To evaluate if concentrations of inflammation-related proteins were elevated in early postnatal blood specimens of preterm newborns who two years later had a small head.
We measured 25 proteins in blood collected on days 1, 7, and 14 from 839 infants born before the 28th week of gestation and whose head circumference was measured at birth and near 24-months post-term equivalent. We excluded children whose birth head circumference was at or below the third centile. A protein concentration was considered elevated if it was in the highest quartile for gestational age and the day the specimen was obtained.
When proteins were evaluated individually, elevated concentrations of SAA on day 1 and five proteins on day 14, IL-6, TNF-R2, IL-8, MCP-1, and ICAM-1 were associated with significantly increased risk of microcephaly (head circumference Z-score <-2). The ten proteins whose elevated concentrations on two separate days a week apart predicted microcephaly, but did not do so when elevated on only one of these days were CRP, SAA, IL-1β, IL-6, TNF-α, IL-8, MCP-1, ICAM-1, E-SEL, IGFBP-1. Elevated protein concentrations weakly predicted a less severe reduction in head circumference (Z-score ≥ -2, < -1).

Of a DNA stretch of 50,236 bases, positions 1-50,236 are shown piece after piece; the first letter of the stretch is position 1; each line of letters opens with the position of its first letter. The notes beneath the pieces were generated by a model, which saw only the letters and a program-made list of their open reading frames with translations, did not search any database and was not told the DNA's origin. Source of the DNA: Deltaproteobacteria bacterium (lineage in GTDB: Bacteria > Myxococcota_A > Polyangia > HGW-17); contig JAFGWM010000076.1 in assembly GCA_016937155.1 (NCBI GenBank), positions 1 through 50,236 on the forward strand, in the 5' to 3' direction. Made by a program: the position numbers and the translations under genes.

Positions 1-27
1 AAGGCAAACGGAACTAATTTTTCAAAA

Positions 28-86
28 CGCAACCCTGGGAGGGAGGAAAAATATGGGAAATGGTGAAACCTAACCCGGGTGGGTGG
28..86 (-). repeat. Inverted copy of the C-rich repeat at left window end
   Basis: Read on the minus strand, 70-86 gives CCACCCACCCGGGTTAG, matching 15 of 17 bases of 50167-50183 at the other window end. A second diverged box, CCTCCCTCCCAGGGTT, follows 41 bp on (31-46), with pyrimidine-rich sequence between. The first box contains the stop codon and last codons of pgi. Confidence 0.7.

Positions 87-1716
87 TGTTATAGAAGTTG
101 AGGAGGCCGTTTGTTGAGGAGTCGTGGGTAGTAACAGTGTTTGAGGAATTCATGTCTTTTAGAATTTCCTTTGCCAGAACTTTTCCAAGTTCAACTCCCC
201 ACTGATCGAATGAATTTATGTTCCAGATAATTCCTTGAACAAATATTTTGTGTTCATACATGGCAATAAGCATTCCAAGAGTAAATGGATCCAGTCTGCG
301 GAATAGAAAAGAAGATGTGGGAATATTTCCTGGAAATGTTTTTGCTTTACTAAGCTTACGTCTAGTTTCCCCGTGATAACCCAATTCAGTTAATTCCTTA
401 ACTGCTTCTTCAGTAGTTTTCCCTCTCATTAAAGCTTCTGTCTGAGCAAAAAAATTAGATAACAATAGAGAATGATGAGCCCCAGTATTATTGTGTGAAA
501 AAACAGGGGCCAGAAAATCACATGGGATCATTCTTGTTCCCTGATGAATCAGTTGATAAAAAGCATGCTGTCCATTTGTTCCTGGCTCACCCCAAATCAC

Concentrations of inflammation-related proteins in the circulation shortly after preterm birth provide information about the risk of a reduced head circumference more than two years later.
The ELGAN Study was supported by a cooperative agreement with the National Institute of Neurological Disorders and Stroke of the United States.